The Craic Fest, the premier Irish film festival in New York, will unveil its second annual Irish Gay and Lesbian Film Festival on Friday, June 24 at the Irish Arts Center.

A one-night festival of exciting new films by Irish gay and lesbian filmmakers based in the New York City, and also featuring award winning short films from Ireland, the program will include a combination of keenly observed documentaries and live action comedy shorts.

“This year we’re excited to be associated with BeLonG To, Ireland’s national organization for LGBT young people,” Craic Fest director Terrence Mulligan tells the Irish Voice. “BeLonG To campaigns against anti-gay bullying and they promote gay rights for teens in Ireland. It seemed right to create an alliance with them because of their work and their own past experience with the Irish Arts Center. So it’s going to be a fun night and anything we can do to raise awareness we will.”

BeLonG To runs a national network of Irish youth groups to provide support to many thousands of young LGBT Irish people every year, especially to support them in rural areas where gay centers are thin on the ground. 

Because they know the challenges that young gay Irish people face better than anyone, BeLonG To also consistently makes the most interesting new films about growing up gay in the country.

“Our job is to support LGBT people nationally, but a lot of our work is addressing national policy and attitudes toward them too,” chief executive of BeLonG To Michael Barron tells the Irish Voice.

“Part of what we do is make films about our experiences. In 2010 we produced a series actually called Growing Up Gay in Ireland and it was a huge success, being viewed by one in every eight people in the country.”

Among BeLonG To’s most prominent supporters are Presidents Mary McAleese and Michael D.

iggins, and Irish screen actor Colin Farrell, who paid his own moving and heartfelt tribute to the group last year when he recalled how he felt when he witnessed his gay brother Eamon being bullied at school. The memory of that has made Farrell an unwavering advocate for the group’s cause.

Says Barron, “We’re showing an edited version of Growing Up Gay to give a good overview of what’s going on for young LGBT people in Ireland. Documentary filmmakers followed 12 young Irish people over two years in a fly-on-the-wall portrait that is incredibly well made.”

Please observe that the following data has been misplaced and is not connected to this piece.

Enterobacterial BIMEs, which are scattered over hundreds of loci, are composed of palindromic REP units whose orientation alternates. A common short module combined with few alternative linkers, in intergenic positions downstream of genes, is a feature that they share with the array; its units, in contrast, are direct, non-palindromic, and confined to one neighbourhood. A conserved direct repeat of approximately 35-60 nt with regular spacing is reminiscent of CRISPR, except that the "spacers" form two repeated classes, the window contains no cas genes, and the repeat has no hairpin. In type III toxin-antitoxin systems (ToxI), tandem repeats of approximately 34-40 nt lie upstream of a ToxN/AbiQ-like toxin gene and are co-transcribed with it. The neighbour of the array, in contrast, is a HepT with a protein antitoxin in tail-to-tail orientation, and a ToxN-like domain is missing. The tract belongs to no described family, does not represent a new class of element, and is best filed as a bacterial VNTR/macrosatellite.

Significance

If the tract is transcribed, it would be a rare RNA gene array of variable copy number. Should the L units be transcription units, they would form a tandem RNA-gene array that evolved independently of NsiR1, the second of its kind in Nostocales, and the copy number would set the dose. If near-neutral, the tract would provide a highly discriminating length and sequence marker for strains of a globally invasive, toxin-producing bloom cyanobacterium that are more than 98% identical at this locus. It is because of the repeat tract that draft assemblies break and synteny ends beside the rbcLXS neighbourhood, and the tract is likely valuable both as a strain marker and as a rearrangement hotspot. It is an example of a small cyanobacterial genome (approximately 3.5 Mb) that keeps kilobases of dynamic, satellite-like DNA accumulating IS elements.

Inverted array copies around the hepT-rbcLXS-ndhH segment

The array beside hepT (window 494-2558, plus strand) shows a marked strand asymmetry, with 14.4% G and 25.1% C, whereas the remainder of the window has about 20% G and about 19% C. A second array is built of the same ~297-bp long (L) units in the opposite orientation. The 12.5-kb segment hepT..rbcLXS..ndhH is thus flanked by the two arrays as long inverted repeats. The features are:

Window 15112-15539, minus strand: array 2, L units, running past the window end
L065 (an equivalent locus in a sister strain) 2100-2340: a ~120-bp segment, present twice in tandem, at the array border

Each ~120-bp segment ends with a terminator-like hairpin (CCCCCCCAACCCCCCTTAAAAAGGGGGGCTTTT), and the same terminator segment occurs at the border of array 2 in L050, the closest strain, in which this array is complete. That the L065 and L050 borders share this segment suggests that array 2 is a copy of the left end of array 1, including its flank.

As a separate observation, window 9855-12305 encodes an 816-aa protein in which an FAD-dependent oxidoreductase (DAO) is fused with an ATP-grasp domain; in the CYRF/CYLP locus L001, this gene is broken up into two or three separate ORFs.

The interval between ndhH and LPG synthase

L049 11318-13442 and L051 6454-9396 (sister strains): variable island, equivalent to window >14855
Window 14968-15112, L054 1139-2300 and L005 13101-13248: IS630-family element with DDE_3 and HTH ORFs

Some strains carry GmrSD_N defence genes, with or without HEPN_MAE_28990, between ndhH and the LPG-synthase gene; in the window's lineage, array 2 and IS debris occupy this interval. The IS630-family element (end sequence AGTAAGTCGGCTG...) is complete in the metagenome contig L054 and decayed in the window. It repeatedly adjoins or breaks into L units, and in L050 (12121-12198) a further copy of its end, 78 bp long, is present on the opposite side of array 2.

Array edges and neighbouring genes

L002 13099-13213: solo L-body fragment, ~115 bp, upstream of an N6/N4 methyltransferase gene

At a time when the heads of Irish organizations like the AOH and the New York St. Patrick’s Day Parade Committee still make it their business each March to remind gay Irish people of how unacceptable they are, it’s terrific to see the Craic Fest and the Irish Arts Center honor the Irish tradition of showing welcome and respect to all Irish people.

“One of the short films we’re showing is our Stand Up – Don’t Stand for Homophobic Bullying ad that we made last year,” explains Barron.

“It was part of a campaign we ran last year but it became this international phenomenon viewed by a million people on YouTube, becoming the biggest film of its type last year, which is surprising coming from a little Irish youth group.”

Although Barron’s organization doesn’t stress filmmaking as its primary goal, there’s no question that they’ve become more and more versed in the art as the years have gone by.

“What we’re trying to do is reach young people with positive messages of what being gay is actually like in Ireland. We want to raise awareness and we want to fund raise for our work going forward,” Barron said.

“Because of the economic downturn we make trips here to keep the work going. We are asking Irish America to support our work to make Ireland a better place for LGBT young people. That’s the ultimate purpose of our being there.”

Mulligan remembers that it’s not all just earnest films for a good cause, and there’ll be plenty of fun to be had too.

“There’ll be a pre- and post-reception by Tullamore Dew whiskey. It’s a free event and we’ll certainly welcome a donation at the door if you want to make one. But come for a great night out,” Mulligan says.

Craic Gay and Lesbian Film Festival is a free event (with a suggested donation at the door). For further information contact Lucy at 646-549-1349 or